The Fu style, developed by Fu Zhen Song

 About the Fu style

 Biography of Fu Zhen Song

 Schools teaching this style

 Choosing a teacher




 Internal style principles

 Clips of Fu style

 Clips of other styles

 Scientific research on tai chi

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Principles of internal style martial arts

"Theory cannot be used to create reality; it can only attempt to explain it." Wang Ju Yi, in Applied Channel Theory in Chinese Medicine.

Principles shared across the internal styles

Movement should begin at the feet, be transmitted through the legs, steered by the waist, rise up the back, and travel out to the hands.

The 'coarse' and 'muddy' (energy) sinks, the 'fine' and 'clear' rises (within the body). If the body is flexible and relaxed, then the heavy can sink down and the light can rise up.

As little muscular force as possible should be used, to achieve this the body should be relaxed and work in co-ordination as one unit.

Where the mind directs, the body follows. The mind directs the waist and the waist directs the body.

The top of the head must have an empty feeling and float, as if it is lifted from above by a fine string. The central axis of the body is an imaginary line, rising up to the crown of the head, and down to the perineum. The waist causes the body to turn around this axis.

The chin should be slightly tucked in, and the pelvis should be tilted slightly upwards. The anus should be slightly tensed.

The body movement should be supple (in contrast to 'wooden') - like a tree branch that is supple, and has not become old and rigid.

The martial techniques and applications are superficial and a distraction, the main focus should be on following the above requirements in a relaxed manner, and always refining them further.

With practice, the mind's power of concentration will improve, and further advancement will be possible. This follows the saying: the human body is like a machine, if it is not polished it will rust.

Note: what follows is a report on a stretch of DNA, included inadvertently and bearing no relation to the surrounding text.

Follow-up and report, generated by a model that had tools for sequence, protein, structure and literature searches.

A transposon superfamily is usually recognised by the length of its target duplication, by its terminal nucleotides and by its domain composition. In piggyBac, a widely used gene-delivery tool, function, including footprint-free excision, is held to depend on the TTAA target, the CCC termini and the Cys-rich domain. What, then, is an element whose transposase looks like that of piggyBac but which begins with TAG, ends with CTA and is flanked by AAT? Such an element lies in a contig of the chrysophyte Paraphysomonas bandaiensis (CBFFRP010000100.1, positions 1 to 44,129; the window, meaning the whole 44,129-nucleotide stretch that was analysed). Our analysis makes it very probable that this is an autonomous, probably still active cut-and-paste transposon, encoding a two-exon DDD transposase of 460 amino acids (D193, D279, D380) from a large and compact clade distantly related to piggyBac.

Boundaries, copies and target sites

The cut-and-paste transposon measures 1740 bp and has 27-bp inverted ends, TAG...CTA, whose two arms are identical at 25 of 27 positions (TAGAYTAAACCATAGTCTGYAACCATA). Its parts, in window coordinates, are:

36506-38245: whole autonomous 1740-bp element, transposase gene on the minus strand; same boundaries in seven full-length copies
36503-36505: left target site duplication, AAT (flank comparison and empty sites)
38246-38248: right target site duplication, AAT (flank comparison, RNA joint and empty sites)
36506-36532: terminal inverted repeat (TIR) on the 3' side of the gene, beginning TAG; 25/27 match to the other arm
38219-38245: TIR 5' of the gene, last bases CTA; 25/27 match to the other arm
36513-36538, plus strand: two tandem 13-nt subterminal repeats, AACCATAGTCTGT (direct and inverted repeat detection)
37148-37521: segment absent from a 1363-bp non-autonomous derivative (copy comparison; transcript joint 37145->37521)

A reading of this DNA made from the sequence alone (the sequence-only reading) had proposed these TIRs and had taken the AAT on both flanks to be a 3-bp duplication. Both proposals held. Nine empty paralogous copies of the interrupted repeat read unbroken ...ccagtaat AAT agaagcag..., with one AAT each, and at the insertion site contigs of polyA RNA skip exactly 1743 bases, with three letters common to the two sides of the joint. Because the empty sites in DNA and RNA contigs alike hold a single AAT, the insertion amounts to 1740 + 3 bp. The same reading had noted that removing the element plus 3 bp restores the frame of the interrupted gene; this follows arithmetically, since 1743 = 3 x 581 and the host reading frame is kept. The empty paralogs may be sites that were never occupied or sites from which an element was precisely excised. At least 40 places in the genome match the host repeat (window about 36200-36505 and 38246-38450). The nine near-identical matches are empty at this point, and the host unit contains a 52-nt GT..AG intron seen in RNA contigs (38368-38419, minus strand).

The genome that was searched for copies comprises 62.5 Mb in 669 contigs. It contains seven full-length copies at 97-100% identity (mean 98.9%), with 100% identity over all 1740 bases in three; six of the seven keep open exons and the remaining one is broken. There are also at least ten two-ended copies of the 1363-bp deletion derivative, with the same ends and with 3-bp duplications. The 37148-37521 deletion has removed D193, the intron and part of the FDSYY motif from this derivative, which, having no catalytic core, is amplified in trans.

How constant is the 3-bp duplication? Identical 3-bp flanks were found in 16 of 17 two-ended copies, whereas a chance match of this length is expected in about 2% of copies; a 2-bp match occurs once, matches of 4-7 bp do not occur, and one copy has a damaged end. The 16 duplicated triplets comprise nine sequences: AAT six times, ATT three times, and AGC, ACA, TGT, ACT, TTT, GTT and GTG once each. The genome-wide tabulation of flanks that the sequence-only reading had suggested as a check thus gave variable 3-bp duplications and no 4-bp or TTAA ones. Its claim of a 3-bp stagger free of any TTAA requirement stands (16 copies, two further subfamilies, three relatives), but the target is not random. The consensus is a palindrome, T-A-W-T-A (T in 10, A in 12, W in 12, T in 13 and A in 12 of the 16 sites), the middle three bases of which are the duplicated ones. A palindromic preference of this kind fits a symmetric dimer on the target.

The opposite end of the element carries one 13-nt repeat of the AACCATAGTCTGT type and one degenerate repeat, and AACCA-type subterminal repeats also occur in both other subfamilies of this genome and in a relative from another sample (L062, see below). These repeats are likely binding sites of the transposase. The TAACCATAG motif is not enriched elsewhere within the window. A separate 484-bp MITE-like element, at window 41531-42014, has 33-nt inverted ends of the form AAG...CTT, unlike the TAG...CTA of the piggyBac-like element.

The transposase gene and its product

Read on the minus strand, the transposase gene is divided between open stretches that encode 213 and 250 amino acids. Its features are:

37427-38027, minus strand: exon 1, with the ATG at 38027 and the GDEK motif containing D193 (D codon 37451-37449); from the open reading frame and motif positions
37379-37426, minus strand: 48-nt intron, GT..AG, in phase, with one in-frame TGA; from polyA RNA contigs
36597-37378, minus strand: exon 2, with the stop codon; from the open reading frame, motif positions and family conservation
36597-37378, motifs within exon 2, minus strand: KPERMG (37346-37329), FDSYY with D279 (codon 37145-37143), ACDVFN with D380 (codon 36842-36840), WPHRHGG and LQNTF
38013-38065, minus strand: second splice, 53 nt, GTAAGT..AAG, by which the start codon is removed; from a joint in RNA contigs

Internal styles are inspired by Chinese breath control and meditational practices, sometimes referred to as 'Taoist yoga'. These philosophies describe the formation of the universe in abstract terms. Over the centuries, Chinese philosophers have found that classifying the world around them into various divisions (e.g. the five elements) is a helpful way of understanding and describing the world around them. Like traditional Chinese medecine, both internal and external Chinese martial arts have utilised these various classifications in order to define and expand their underlying foundation, and have become far more advanced than would have otherwise been the case. Below is a basic rundown of the more important of such classifications.

The original state of the universe is 'nothingness', wu chi.

From this 'something' forms, which is yin and yang joined together. This state is called tai chi. The phrase used by some NASA scientists 'diversity is the binary function' describes the same state in a differeent way.

Yin and Yang might later seperate, and this is called leung yi.

Two things can be divided into four, this is called ssu hsiang. To describe how two becomes four, Grandmaster Su Lu Tan (a friend of Fu Chen Sung) said 'Night and day, pushing together, creates the four seasons.'

Further subdivisions can be made, one being to divide things up into the five elements.